In her recent book, “The Power Worshippers: Inside the Dangerous Rise of Religious Nationalism,” Katherine Stewart, a frequent contributor to these pages, does not mince words:

It is a political movement, and its ultimate goal is power. It does not seek to add another voice to America’s pluralistic democracy, but to replace our foundational democratic principles and institutions with a state grounded on a particular version of Christianity, answering to what some adherents call a ‘biblical worldview’ that also happens to serve the interests of its plutocratic funders and allied political leaders.

This, Stewart writes, “is not a ‘culture war.’ It is a political war over the future of democracy.”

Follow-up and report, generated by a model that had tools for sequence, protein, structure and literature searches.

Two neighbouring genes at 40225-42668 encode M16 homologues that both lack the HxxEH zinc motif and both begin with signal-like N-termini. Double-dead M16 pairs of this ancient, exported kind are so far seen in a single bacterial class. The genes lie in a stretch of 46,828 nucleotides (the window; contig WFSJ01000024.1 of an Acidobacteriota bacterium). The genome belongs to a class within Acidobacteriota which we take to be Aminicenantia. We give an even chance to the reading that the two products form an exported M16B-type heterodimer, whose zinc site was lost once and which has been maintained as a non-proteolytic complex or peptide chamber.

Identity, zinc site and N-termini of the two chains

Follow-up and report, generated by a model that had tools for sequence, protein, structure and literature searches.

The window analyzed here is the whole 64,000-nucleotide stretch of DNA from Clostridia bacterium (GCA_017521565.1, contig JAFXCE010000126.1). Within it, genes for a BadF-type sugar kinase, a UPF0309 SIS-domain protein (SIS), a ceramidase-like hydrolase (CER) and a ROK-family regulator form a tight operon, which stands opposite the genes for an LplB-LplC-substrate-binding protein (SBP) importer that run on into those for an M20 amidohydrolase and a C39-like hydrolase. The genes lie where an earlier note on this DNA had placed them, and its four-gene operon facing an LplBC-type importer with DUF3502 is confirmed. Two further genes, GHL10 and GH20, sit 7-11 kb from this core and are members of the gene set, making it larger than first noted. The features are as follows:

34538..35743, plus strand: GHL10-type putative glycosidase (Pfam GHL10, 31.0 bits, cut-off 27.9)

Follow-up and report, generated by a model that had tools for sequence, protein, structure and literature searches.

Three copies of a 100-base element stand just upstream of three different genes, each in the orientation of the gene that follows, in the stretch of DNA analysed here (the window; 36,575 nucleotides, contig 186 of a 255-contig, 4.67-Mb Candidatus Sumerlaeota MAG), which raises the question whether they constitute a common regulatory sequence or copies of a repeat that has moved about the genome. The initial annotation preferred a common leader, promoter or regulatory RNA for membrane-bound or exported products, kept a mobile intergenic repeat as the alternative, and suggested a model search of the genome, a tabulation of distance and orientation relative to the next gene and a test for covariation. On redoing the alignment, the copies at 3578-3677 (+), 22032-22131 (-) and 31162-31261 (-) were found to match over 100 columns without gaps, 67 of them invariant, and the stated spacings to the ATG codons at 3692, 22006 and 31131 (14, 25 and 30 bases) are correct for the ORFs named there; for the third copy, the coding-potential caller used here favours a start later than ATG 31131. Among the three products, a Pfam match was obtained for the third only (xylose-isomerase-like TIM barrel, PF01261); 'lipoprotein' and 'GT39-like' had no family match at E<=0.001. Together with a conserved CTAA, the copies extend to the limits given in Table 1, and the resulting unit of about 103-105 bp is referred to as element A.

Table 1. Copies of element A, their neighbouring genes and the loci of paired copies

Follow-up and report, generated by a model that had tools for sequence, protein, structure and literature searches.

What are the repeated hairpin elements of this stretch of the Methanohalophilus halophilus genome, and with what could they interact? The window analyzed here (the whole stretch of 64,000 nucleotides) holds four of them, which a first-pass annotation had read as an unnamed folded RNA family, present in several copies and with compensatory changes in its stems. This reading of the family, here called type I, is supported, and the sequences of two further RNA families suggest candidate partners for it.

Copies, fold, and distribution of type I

Stuart A. Thompson | Three Weeks Inside a  – The New York Times

“As President Biden’s inauguration ticked closer, some of Donald Trump’s supporters were feeling gleeful. Mr. Trump was on the cusp of declaring martial law, they believed. Military tribunals would follow, then televised executions, then Democrats and other deep state operatives would finally be brought to justice.

These were honestly held beliefs. Dozens of Trump supporters spoke regularly over the past three weeks on a public audio chat room app, where they uploaded short recordings instead of typing. In these candid digital confessionals, participants would crack jokes, share hopes and make predictions.

“Look at the last four years. They haven’t listened to a thing we’ve said. Um … there’s going to have to be some serious anarchy that goes on. Otherwise, nothing is going to change.”